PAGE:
Molecular Cell Biology of Filamentous Fungi

My research interest currently focusses on three main topics : (1) identification of molecular markers for mycoparasitism on the single cell level, (2) characterisation of host-specific stress responses that affect the polarised growth pattern of mycoparasitic Trichoderma species and ultimately define the outcome of the fungus-fungus interaction and (3) deciphering the key signal transduction pathways that regulate the attack-defence responses between mycoparasite and putative host fungus.

In addition, I have a constant interest in optimising live-cell imaging approaches for the visualisation and quantification of intracellular protein dynamics in various filamentous fungal species, including the well known model fungus Neurospora crassa, by using state-of-the-art microscopy systems in combination with vital fluorescent dyes and innovative fluorescent reporter constructs.

Alexander Lichius UIBK Profile

https://lfu.academia.edu/DrAlexanderLichius

 

 

Topics

  • Mycoparasitism & Fungal Stress Responses
  • Cell Polarity & Polarised Tip Growth
  • Live-Cell Imaging in Filamentous Fungi

Technologies

  • Fluorescent reporter technologies of target proteins with fluorescent proteins, fluorescent reporter molecules or organelle-specific vital fluorescent dyes
  • Molecular cloning & transformation for the generation of loss-of-function mutants by gene knock-out or targeted pharmacological inhibition of mutated alleles
  • Co-Immunoprecipitation & Mass Spectrometry for the isolation of protein-protein interaction partners and their identification
  • Live-cell imaging by means of confocal microscopy, deconvolution epifluorescence microscopy and widefield zoom microscopy
  • Biochemical approaches, such as process-specific inhibitors to interrogate target signalling or morphogenetic pathways

Key Publications

Atanasova L, Gruber S‡, Lichius A.‡, Radebner T, Abendstein L, Münsterkötter M, Stralis-Pavese N, Łabaj PP, Kreil DP, Zeilinger S. 2018 The Gpr1-regulated Sur7 family protein Sfp2 is required for hyphal growth and cell wall stability in the mycoparasite Trichoderma atroviride. Scientific Reports. 8(1). Nature
Lichius, A. ‡,*, A. Gorjachev, M.D. Fricker, B. Obara, E. Castro-Longoria and N.D. Read*. 2014. CDC-42 and RAC-1 regulate opposite chemotropism in Neurospora crassa. Journal of Cell Science 127:1953-1965. PubMed. “In This Issue” highlight: JCS
Lichius, A. ‡ and Yáñez-Gutiérrez, M.E. ‡, N.D. Read and E. Castro-Longoria. 2012. Comparative live-cell imaging analysis of SPA-2, BUD-6 and BNI-1 in Neurospora crassa revealed novel aspect of filamentous fungal polarisome architecture. PLoSOne 7(1):1-23. PLoSOne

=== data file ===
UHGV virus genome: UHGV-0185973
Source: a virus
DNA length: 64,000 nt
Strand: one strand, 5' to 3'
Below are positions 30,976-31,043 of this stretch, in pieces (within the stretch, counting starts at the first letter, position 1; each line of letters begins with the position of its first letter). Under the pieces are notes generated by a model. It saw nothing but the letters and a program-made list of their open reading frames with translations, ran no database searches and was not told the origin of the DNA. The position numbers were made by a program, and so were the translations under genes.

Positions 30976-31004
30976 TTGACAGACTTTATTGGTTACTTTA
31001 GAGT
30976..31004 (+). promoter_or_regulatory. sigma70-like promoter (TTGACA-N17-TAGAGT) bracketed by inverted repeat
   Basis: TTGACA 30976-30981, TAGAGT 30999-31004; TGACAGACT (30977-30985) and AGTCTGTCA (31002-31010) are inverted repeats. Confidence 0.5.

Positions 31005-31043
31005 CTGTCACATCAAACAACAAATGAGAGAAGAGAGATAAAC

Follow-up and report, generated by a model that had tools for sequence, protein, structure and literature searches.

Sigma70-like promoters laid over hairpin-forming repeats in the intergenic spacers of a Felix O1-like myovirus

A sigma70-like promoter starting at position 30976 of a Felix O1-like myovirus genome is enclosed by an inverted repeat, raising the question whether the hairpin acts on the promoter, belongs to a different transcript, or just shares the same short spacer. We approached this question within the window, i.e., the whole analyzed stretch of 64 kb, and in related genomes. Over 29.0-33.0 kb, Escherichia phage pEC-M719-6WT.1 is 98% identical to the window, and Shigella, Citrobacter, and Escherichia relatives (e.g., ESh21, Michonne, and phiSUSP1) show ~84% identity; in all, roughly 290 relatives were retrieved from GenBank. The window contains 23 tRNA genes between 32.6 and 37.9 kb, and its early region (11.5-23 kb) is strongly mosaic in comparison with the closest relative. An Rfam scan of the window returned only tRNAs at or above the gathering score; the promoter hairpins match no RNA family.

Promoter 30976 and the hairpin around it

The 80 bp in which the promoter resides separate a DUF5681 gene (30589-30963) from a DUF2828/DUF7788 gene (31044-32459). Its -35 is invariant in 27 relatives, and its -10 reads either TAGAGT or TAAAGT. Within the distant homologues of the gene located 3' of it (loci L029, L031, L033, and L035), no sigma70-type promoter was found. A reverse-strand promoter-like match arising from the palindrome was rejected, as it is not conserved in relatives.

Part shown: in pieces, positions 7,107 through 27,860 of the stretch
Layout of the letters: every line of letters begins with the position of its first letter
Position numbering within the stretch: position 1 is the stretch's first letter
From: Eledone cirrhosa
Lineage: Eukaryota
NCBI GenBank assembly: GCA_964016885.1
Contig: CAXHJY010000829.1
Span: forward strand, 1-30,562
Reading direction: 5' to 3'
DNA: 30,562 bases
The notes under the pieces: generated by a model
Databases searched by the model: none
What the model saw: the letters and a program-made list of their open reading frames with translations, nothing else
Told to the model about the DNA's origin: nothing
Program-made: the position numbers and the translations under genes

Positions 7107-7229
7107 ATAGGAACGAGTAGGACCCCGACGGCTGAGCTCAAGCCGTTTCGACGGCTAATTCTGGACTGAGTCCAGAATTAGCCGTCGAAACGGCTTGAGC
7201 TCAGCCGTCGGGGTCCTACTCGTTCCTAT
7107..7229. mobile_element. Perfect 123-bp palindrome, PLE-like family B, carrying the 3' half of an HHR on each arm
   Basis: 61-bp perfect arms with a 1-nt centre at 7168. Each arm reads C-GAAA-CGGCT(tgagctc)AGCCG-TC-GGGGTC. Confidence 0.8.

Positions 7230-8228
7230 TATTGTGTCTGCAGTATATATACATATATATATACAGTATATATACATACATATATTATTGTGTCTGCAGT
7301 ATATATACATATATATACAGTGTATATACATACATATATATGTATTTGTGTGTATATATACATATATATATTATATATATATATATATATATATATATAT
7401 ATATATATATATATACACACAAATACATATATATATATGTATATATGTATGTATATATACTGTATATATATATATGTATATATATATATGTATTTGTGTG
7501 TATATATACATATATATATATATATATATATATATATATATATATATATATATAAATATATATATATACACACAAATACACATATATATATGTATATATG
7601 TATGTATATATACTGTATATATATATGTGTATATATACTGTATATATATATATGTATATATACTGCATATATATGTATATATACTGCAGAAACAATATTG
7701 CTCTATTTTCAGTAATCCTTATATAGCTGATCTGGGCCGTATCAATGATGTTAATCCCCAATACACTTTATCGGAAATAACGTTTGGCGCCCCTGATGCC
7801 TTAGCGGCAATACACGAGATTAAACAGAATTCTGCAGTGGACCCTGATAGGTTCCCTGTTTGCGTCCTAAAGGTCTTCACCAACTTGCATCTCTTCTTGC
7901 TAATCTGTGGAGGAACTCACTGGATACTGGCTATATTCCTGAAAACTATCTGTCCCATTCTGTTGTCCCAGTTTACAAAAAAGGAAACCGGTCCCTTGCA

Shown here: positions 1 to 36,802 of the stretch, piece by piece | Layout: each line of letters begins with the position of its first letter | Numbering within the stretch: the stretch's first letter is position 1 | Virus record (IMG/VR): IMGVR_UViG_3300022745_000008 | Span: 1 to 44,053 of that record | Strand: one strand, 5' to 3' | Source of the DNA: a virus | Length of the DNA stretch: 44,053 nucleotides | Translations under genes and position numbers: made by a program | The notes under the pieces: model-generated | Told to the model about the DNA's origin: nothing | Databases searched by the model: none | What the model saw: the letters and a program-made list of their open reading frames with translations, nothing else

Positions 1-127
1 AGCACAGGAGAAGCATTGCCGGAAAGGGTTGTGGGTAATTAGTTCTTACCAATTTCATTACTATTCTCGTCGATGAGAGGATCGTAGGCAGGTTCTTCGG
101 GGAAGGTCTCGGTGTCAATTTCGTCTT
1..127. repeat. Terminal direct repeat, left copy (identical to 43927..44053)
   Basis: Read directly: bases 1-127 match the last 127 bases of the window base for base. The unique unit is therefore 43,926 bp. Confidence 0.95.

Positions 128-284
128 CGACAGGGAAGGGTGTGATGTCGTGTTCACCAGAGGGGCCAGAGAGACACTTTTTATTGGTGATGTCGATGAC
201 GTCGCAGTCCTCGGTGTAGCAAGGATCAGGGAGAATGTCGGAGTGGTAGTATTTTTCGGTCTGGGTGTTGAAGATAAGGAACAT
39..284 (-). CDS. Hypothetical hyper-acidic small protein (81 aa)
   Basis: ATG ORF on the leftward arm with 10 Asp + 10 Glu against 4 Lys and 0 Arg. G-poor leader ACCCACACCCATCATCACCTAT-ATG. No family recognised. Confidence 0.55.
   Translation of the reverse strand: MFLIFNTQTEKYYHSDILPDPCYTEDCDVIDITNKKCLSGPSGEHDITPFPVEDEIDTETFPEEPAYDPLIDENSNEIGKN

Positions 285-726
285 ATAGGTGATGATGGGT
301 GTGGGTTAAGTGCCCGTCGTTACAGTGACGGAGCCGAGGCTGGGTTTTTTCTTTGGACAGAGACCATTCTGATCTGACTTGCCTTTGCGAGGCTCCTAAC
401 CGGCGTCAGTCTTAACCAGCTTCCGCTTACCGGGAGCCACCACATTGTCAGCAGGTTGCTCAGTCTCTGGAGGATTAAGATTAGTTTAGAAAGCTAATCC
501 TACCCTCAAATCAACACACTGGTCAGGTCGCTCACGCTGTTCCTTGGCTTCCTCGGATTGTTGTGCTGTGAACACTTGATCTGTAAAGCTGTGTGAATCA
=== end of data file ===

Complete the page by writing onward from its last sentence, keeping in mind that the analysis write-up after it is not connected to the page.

Group Leader

Dr. Alexander Lichius

University of Innsbruck

Departement of Microbiology

Technikerstrasse 25, Victor-Franz-Hess Haus, 6th Floor, Room 6/04

+43 512 507 51256

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Group Members

  • BSc Laura Hackl, MSc student

    T. tip project – Analysis of the host-induced cell polarity stress in four different mycoparasitic Trichoderma species; Laura cloned and expressed species-specific CRIB biosensors in T. virens, T. asperellum and T. harzianum, and is now analysing changes in their recruitment dynamics upon host-induced cell polarity stress in comparison to T. atrovirideThis email address is being protected from spambots. You need JavaScript enabled to view it.
  • BSc Daniel Flatschacher, MSc student

    (co-supervised with Prof. Susanne Zeilinger) MicroSignalling project – Analysing Gpr1-Sfp2 interactions using GFP-trap based co-immunoprecipitation and mass spectrometry; Daniel established GFP-trap based co-immunoprecipitation procedures for the first time for T. atroviride and successfully showed by subsequent mass spectrometry that the plasma membrane proteins Gpr1 and Sfp2 interact physically. This email address is being protected from spambots. You need JavaScript enabled to view it.
  • MSc Dubraska Moreno-Ruiz, PhD student

    (co-supervised with Prof. Susanne Zeilinger) T. tip project – Analysing CRIB biosensor dynamics upon host-induced polarity stress in the context of MAPK signalling; Dubraska uses the CRIB biosensor in different MAPK gene deletion mutants to investigate changes in the polarity stress response upon host encounter. This email address is being protected from spambots. You need JavaScript enabled to view it.
  • MSc Leoni Abendstein (now pursuing a PhD at the University of Leiden, NL), MSc student

    (co-supervised with Prof. Susanne Zeilinger) MicroSignalling project – Analysing Gpr1-Sfp2 interactions using Bimolecular-Fluorescence-Complementation; Leoni established BiFC for the first time in T. atroviride and successfully showed that the plasma membrane proteins Gpr1 and Sfp2 interact physically in vivo. This email address is being protected from spambots. You need JavaScript enabled to view it.

Collaborators

  • Prof. Mark D. Fricker

    University of Oxford, Departement of Plant Sciences, South Parks Road Oxford, OX1 3RB, UK, This email address is being protected from spambots. You need JavaScript enabled to view it.
  • Prof. Ernestina Castro-Longoria

    CICESE Carretera Ensenada - Tijuana No. 3918, Zona Playitas, CP. 22860, Ensenada, B.C. México. This email address is being protected from spambots. You need JavaScript enabled to view it.
  • Prof. André Fleißner

    Technische Universität Braunschweig, Fakultät für Lebenswissenschaften, Institut für Genetik, Spielmannstraße 7, 38106 Braunschweig, This email address is being protected from spambots. You need JavaScript enabled to view it.